The only manufacturer that has announced 32x recorder so far is Sanyo. Many OEM vendors to ship retail products to the market will use the Sanyo "CRD-BP1600P". The Sanyo 32x drive has two advantages over Mitsumi's 32x proposal, according to the drive's specs:
a) 20x CLV and
b) 20-32x Z-CLV writing speeds
We will have to wait and see if the drive's performance at both 20x CLV and 20x-32x Z-CLV would be as smooth as the beta drive from Mitsumi is. Unfortunately by the time this article was written, Sanyo failed to provide working sample unit for straight comparison. As soon as the compatibility of the media is increased, with newer firmware, we will have a clearer view of Sanyo's 32x performance and recording times. In case of the same shift points will be used, the total difference in recording time, at 32x speed, is expected to be around 5-10secs (from the Mitsumi CR-480ATE).
You should expect more 32x recorders also from Ricoh, AOpen, LiteOn, SamSung, LG, Plextor and Sony at the first quarter of 2002.
- The media
In order to benefit of the new writing speed, Mitsumi and the most manufacturers state that 32x certified media should be used. Most media manufacturers plan to ship 32x certified media in the first quarter of 2002. Ritek/Verbatim have already announced such media and for sure Taiyo Yuden, Mitsui, Ricoh and Mitsui will follow.
There are rumors that the 32x media supplied by some Taiwan manufactures will have a minimized thickness of the recording layer. As the recording layer become thinner, good sensitivity can be obtained (for such high recording speeds) but with cost in reliability. Let's hope that this will not become a reality...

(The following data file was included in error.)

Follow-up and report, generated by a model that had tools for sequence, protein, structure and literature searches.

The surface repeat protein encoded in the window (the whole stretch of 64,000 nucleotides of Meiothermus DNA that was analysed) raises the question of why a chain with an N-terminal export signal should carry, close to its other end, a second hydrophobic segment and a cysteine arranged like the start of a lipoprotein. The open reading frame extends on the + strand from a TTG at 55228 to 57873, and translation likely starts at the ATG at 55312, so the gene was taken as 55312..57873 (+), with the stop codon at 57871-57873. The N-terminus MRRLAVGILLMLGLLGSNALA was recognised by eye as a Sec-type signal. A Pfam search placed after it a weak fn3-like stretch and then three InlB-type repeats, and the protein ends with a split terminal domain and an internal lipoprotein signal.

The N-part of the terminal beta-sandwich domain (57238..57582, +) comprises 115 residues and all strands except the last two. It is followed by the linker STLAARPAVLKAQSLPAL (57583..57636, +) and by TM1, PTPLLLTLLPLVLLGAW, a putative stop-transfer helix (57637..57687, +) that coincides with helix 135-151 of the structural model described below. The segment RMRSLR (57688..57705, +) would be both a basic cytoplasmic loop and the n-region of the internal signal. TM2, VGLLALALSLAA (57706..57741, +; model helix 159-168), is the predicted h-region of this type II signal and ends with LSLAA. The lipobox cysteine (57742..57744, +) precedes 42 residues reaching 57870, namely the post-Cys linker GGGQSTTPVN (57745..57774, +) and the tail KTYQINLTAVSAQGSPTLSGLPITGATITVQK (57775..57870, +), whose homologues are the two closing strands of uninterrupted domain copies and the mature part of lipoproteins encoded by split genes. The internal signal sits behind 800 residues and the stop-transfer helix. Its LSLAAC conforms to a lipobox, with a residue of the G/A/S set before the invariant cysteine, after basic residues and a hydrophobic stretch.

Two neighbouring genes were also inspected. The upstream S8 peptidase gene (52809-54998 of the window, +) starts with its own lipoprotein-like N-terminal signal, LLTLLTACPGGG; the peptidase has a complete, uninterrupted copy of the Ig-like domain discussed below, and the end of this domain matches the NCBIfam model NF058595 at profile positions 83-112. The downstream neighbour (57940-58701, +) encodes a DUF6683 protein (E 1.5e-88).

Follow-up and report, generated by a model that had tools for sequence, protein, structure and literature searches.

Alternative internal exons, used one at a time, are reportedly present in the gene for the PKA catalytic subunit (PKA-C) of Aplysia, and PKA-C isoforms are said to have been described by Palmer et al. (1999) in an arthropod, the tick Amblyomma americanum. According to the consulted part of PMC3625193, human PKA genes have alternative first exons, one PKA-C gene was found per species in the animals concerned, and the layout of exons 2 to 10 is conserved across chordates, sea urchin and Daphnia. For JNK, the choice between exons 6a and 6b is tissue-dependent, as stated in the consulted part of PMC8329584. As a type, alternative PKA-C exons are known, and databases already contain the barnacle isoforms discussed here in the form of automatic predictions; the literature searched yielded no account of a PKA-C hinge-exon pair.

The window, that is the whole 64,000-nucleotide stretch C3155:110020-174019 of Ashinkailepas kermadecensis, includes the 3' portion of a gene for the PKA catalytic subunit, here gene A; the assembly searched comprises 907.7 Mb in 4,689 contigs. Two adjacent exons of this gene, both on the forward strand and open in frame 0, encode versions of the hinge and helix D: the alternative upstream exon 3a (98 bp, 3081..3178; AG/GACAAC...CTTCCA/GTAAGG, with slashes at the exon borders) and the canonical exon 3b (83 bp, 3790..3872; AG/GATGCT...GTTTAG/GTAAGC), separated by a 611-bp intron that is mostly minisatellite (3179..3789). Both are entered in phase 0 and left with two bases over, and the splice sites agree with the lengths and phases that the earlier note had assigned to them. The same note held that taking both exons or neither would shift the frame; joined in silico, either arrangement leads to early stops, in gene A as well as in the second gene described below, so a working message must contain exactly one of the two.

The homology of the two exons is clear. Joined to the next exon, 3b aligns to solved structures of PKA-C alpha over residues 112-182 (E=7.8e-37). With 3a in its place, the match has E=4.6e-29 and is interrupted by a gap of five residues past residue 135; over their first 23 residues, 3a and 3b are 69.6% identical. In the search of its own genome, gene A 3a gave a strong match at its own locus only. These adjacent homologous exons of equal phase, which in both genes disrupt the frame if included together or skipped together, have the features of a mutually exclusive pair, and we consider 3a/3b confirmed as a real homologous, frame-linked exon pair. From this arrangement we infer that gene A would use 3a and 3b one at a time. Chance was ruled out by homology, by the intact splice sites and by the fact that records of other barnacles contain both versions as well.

- The package
The package, in which the drive arrived, contained a bare drive -engineering version- among with 5 pieces of 32x certified media (based upon Maxell Chemicals) for our recording speeds. The drive expected to hit the European market around the middle/end of January 2002.
The front of the drive is exactly the same as we witnessed in almost all the previous Mitsumi models. The drive doesn't have the Mitsumi logo on the front of it, while it has the "High-Speed RW" logo, which indicates its RW speed. You will also find only one led, the eject button and the headphone input jack/volume selector:
On the back of the drive we will find the usual connectors (IDE interface, power), the jumpers for assigning the drive as a Master/Slave, the SPDIF output connector and the analog/digital output connectors:
The Mitsumi CR-480ATE was installed as a Master in the secondary IDE BUS. The drive worked in UDMA33 mode and after booting, identified itself as the "CR-48XATE". We unchecked the Auto Insert notification, checked DMA and rebooted.
The drive was a November 2001 model with firmware revision vP1.02 installed. After a while Mitsumi provided newer firmware update (P1.05), which was used for revising the recording/CloneCD tests. The final mass production firmware would be 1.0A and as you understand will have fixed some few errors we mentioned. We used the Nero (18.104.22.168), InCD (3.14), CloneCD (22.214.171.124) and Padus DJ (3.50.818) for the recording tests.
- Test Machine
Celeron II 566 over clocked to 850 MHz
128MB SDRAM PC 133
WD 18GB UDMA 66
Quantum Fireball EX 6.4 GB UDMA 33
DAWI 2975 - PCI (ULTRA) SCSI Host Adapter
ATI AIW 128
Mitsumi CR-480ATE firmware vP1.02/vP1.05
PleXWriter PX-W2410A firmware v1.02
TEAC CD-524E firmware v1.0A
Yamaha CRW3200E firmware v1.0b